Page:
Arrow-right Camera
The Spokesman-Review Newspaper
Spokane, Washington  Est. May 19, 1883

More transparency needed for WA police asset seizures, audit says

By Claire Withycombe Seattle Times

OLYMPIA – A new state audit says that Washington police agencies could be more transparent about the process of seizing assets like cars, cash or guns in the course of criminal investigations and clearer about how people can get that property back.

Police, in a practice known as civil asset forfeiture, can seize items they believe were used in a crime without an arrest, criminal charge or conviction of the person who owns the property.

But the Washington Office of the State Auditor, in a review of how several Washington police agencies handle the process, found that in most cases, a person who had property seized through forfeiture wasn’t convicted of a crime.

In recent years, 32 states and the federal government have taken steps to limit or make tweaks to civil asset forfeiture, like raising the standard of evidence for seizing and keeping property, according to the report. Proponents argue that the practice deters people from committing crimes and pours resources back into fighting crime, while opponents have raised concerns about due process and property rights.

Between January 2020 and December 2022, more than 100 of Washington’s 250 police agencies got nearly $30 million in property from local and state forfeitures, according to the state auditor’s office. They received an additional $10 million through a partnership with the federal government.

State law lets police agencies keep 90% of the proceeds from forfeitures and to use the money to “help disrupt illegal drug activity,” the report said.

Asset forfeiture is a civil process, where technically the police agency sues the property. Unlike a criminal case, a person whose property is seized isn’t guaranteed the right to a lawyer in the proceeding, if they can’t pay for one.

The report took a closer look at eight police agencies, including the Seattle Police Department. Agencies were chosen based on location, the type of agency and level of civil asset forfeiture activity.

Auditors found that among the 1,000 people who were faced with forfeiture at those eight agencies, only 25% were convicted of a crime. Auditors also found that police often seized property worth less than $2,000, and that at the agencies that were audited, at least one racial or ethnic group was overrepresented in forfeiture data compared with their share of the population, but there were variations between agencies in how much each group was overrepresented.

At the Seattle Police Department, for example, Latinos made up an estimated 23% of the people whose assets were forfeited, despite being 7% of the population, and Black people 17%, despite being 7% of the population. But at the Grays Harbor County Drug Task Force, white people were overrepresented by 9 percentage points.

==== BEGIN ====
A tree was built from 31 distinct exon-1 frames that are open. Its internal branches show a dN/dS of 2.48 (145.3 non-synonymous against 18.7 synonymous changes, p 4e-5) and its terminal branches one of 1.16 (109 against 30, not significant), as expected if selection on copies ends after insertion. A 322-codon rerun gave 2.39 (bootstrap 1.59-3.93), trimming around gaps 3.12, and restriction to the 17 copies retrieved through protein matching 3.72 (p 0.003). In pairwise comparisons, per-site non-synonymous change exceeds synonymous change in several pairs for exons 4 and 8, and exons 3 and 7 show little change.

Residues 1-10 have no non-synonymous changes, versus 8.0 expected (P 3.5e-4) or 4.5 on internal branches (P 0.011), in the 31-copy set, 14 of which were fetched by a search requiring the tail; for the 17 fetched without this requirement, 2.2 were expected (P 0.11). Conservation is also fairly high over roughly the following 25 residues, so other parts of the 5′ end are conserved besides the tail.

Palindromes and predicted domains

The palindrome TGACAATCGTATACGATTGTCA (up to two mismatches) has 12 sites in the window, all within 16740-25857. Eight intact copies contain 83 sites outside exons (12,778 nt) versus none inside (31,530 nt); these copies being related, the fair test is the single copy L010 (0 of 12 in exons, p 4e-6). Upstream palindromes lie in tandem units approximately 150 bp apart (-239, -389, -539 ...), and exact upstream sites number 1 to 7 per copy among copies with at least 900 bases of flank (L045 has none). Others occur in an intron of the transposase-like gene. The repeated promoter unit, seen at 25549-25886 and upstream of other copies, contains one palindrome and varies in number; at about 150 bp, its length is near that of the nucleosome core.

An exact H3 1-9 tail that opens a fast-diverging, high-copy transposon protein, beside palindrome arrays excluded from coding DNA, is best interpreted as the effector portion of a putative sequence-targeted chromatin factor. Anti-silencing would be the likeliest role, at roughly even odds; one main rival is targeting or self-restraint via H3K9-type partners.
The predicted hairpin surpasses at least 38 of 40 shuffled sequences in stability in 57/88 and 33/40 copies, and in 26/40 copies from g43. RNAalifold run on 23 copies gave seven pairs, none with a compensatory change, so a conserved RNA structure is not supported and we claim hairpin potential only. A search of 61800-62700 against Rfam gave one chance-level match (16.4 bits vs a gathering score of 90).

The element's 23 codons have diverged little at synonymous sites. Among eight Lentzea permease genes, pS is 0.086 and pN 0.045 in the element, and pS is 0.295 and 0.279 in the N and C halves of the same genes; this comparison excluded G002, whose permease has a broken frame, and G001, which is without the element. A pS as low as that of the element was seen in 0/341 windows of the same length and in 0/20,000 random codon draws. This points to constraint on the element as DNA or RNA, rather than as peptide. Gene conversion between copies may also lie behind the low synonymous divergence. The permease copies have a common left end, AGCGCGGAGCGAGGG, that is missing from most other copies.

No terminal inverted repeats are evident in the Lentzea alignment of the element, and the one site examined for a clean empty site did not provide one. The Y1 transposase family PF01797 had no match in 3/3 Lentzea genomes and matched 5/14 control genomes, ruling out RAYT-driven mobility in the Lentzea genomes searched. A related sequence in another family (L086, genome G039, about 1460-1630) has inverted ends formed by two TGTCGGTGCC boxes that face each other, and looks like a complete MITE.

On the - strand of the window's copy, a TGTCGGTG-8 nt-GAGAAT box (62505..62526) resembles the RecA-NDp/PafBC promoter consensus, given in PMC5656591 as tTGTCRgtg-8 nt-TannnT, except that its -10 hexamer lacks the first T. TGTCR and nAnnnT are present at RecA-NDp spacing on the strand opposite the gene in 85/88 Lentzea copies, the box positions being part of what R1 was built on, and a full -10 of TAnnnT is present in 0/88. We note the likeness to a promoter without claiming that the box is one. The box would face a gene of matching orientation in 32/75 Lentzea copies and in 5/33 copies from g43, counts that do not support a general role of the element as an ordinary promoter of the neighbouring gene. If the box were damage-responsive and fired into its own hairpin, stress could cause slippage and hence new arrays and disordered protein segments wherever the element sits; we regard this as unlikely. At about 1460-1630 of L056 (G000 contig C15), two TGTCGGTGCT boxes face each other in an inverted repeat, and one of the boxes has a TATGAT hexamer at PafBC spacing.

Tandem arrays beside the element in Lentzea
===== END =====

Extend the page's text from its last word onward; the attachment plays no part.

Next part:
The state auditor’s report also suggested police agencies can do more to make sure people know their property has been seized, and how the process works to get that property back, like providing information in languages other than English.

In Washington, police can seize property if they believe it is connected to a crime. If the police agency decides not to pursue forfeiture, they can then return the property to its owner. But if the agency decides to move forward, an initial notice goes to the owner (within 15 days), who can file a claim to get it back (within 45 days, or 90 days for real property like land or buildings).

Agencies differ on how they resolve those claims: some use an employee, some contract out for a hearings examiner and some use a city or county employee or contractor. Decisions in contested seizures by the Washington State Patrol are handled by the state Office of Administrative Hearings.

Among the audited agencies, 75% of seized property was automatically forfeited because the owner either did not file a claim, file a claim on time, or failed to attend a hearing. For many of the reviewed cases, it was because claims weren’t filed.

The state auditor found that the police agencies that were audited did follow the law, but also found that Washington law “gives police broad authority and few protections to property owners,” and recommended the Legislature form a work group to study the issue.

In 2023, several House Democrats introduced House Bill 1385, which would have put up more guardrails around the process. It received a hearing and committee approval but didn’t advance further during last year or this year’s legislative sessions.

In a statement, State Auditor Pat McCarthy said Thursday’s report “offers a clearer picture of a little-understood aspect of our criminal justice system.”

“Our audit shows that greater transparency regarding civil asset forfeiture can help Washington continue to discourage wrongdoing by seizing the material elements of crime while also protecting every person’s right to due process.”

In a formal response to the audit, Washington State Patrol Chief John Batiste and Office of Financial Management Director David Schumacher noted that the auditor’s report only touched briefly on some factors that “drastically” affected criminal prosecutions and the outcome of seizures.

They said those factors include backlogs in prosecutors’ offices, the pandemic, and how, in 2021, the Washington Supreme Court tossed the state’s felony drug possession statute, which then led the Legislature to reform the state’s drug possession laws that year and again in 2023.

“We encourage lawmakers to carefully engage with a diverse group of police and legal experts before implementing the recommendations in the report to avoid exacerbating the devastating impacts of drug trafficking and human trafficking on Washington communities,” they wrote.